For the last few months I have sorely neglected my blog. On the one hand, knowing that this post is my 100th post made me feel like it had to be something extra special, and on the other hand, I have been so busy with work that the thought of spending my free time in front of the computer has been anything but appealing.
But finally, I have found the will to write my 100th post of the Bright Red Backpack and there is no better topic than the romanticism of the latin culture!
On an oridnary Monday night, Rodrigo came home from buying bread at the corner shop. a little breathless and acting strangely. I asked him if everything was ok, to which he replied “todo bien” (everything is fine). He then asked me to get my camera, which although it seemed odd, I did. He then told me to go the living room window to look out and see a surprise…
Below in the patio of our building were three young men from a university “tuna” which is a traditional university student band originating from the 12th Century. They proceded to serenade me with the most romantic spanish music you can imagine. For any Anglo-Saxon girl, this is something out of the ordinary. Who wouldn’t find a song which talks about how even if the rainbow lost its beauty and the flowers lost their perfume and color, it wouldn’t be as sad as being left without your love, super romantic! OK, and a little bit cheesy too.
The three musicians outside my window
So let me tell you a bit about the tradition of the Tuna, which goes back more than 8 centuries in Spain. It began as a brotherhood of university students who were passionate about music (romantic music), nightlife and travelling, but based on their poor economic means, they couldn’t afford to pay for their studies. So by making use of their musical skills, they would travel around inns and taverns playing and singing for donations or food.
Among the most common instruments in the Tuna are the guitar, the bandurria (an instrument similar to the mandolin) and the tambourine. Even today, the members of the Tuna still wear the tradition waistcoats, breeches (basically very puffed shorts) and tights. An important accessory is the v-shaped cloth that by virtue of its specific colour is particular to a University and includes the shield of the institution.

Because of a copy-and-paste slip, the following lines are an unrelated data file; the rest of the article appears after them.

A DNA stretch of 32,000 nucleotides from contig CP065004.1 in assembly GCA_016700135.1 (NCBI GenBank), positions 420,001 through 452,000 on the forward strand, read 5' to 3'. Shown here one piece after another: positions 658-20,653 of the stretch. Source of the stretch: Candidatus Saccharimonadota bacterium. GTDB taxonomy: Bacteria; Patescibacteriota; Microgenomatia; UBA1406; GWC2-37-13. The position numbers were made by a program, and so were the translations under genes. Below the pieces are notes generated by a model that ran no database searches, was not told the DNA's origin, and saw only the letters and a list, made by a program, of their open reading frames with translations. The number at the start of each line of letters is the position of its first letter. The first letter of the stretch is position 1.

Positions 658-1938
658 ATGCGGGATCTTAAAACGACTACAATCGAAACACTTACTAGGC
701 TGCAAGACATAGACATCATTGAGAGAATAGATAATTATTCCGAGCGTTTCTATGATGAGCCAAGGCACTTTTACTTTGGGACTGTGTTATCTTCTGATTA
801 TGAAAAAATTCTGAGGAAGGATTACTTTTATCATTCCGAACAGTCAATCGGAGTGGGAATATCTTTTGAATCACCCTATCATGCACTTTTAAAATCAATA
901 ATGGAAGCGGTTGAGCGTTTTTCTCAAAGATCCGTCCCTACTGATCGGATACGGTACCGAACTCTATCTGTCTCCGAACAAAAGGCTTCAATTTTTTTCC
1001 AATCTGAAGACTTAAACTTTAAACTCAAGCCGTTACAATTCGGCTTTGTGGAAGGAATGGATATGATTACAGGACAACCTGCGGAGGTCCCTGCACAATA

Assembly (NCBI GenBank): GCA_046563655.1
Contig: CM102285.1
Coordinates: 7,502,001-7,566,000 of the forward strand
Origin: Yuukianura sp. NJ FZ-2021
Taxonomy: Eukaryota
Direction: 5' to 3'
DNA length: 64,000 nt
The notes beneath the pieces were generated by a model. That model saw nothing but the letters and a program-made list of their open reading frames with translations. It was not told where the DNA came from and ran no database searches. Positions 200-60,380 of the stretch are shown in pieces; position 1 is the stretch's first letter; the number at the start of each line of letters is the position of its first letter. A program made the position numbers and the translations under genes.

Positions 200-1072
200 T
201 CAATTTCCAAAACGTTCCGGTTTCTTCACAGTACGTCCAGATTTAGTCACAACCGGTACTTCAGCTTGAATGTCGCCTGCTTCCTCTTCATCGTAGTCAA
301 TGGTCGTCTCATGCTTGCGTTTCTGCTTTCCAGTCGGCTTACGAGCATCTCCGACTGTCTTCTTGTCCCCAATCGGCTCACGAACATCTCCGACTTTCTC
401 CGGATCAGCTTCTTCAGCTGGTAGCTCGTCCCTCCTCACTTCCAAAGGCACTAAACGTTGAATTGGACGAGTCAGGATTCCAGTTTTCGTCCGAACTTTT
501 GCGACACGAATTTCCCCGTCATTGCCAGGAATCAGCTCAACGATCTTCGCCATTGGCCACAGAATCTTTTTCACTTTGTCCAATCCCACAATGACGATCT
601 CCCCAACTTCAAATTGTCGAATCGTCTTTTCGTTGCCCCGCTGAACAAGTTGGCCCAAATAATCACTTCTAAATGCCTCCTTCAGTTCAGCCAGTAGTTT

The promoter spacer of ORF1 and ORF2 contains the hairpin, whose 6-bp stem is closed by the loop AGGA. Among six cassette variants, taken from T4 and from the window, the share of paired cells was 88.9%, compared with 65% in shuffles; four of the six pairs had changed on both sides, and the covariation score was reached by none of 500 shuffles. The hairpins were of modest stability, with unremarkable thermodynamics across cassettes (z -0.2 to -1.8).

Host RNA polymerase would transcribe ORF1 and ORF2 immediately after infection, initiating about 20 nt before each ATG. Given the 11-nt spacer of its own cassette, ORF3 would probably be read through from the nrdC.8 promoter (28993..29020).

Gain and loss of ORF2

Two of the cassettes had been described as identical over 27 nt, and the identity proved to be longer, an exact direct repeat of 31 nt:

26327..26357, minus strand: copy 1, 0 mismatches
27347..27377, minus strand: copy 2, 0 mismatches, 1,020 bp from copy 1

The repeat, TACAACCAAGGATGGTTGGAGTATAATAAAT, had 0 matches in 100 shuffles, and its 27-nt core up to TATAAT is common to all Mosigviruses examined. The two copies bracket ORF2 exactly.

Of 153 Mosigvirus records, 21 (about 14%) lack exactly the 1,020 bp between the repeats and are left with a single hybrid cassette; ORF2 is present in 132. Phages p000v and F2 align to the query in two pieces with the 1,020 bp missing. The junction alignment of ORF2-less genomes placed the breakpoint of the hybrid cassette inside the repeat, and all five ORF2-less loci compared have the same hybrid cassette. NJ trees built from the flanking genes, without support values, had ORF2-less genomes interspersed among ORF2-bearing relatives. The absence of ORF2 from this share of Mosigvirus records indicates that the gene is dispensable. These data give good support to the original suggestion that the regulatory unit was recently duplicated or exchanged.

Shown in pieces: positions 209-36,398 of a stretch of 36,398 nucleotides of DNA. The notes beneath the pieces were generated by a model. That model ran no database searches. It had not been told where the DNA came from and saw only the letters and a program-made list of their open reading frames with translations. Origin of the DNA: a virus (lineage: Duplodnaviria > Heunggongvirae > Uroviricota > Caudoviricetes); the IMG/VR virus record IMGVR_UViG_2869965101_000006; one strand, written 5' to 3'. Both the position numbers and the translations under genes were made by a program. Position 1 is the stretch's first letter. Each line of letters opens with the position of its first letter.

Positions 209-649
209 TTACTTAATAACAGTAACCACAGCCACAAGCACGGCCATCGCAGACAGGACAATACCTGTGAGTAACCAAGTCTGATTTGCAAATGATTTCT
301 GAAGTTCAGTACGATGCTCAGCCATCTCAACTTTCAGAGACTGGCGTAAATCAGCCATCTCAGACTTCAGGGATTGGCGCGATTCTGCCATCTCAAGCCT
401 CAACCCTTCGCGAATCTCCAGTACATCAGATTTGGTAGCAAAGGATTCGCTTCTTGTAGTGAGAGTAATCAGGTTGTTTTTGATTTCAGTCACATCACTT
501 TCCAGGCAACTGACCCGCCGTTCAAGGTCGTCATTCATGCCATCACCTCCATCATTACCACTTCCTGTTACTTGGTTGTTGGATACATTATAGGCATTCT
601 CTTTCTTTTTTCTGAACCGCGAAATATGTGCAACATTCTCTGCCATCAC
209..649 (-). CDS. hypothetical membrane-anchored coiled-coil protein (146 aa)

After serenading me with three beautiful songs, we invited them up to our apartment as I was keen to hear their story and find out more about the tradition.
The picture above shows their costumes and the cloths which represent their universities (Santo Tomas and Universidad Catolica de Temuco). Sadly I am terrible with names and although they told me, I can’t remember their names. If any of them ever read this post, I hope they write to me so that I can make this story more personal.
Although times have changed and the students who participate in Tunas today don’t necessarily do it for economic reasons. the tradition continues pretty much unchanged over the centuries. For example, Tunas are still only composed of males.
Since the patio of my building is visible from the street, many people walking past stopped and listened to the songs and took their own photos. It was great to see how the Tuna made everyone stop for a minute, smile and enjoy the music!
I have spent the whole day humming one of the tunes the Tuna played. It was such a nice surprise and something really special. Gracias Rodrigo, te amo mucho!
And thank you to the Tuna for making a random Monday night just a little bit different. If anyone wants to hire them for events etc, see their website http://www.tunaust.cl. You won’t regret it!
So that is my 100th post of my blog which I started in 2010 when I started this adventure in South America. So much has happened and so much has changed over this time. But just as this post shows, there is always something new and special to still explore in Chile.
Here’s looking to writing my 200th post in the future and to enjoying all that happens in my life between now and then…
Felices Fiestas Patrias a todos mis amigos chilenos y chilenas!!!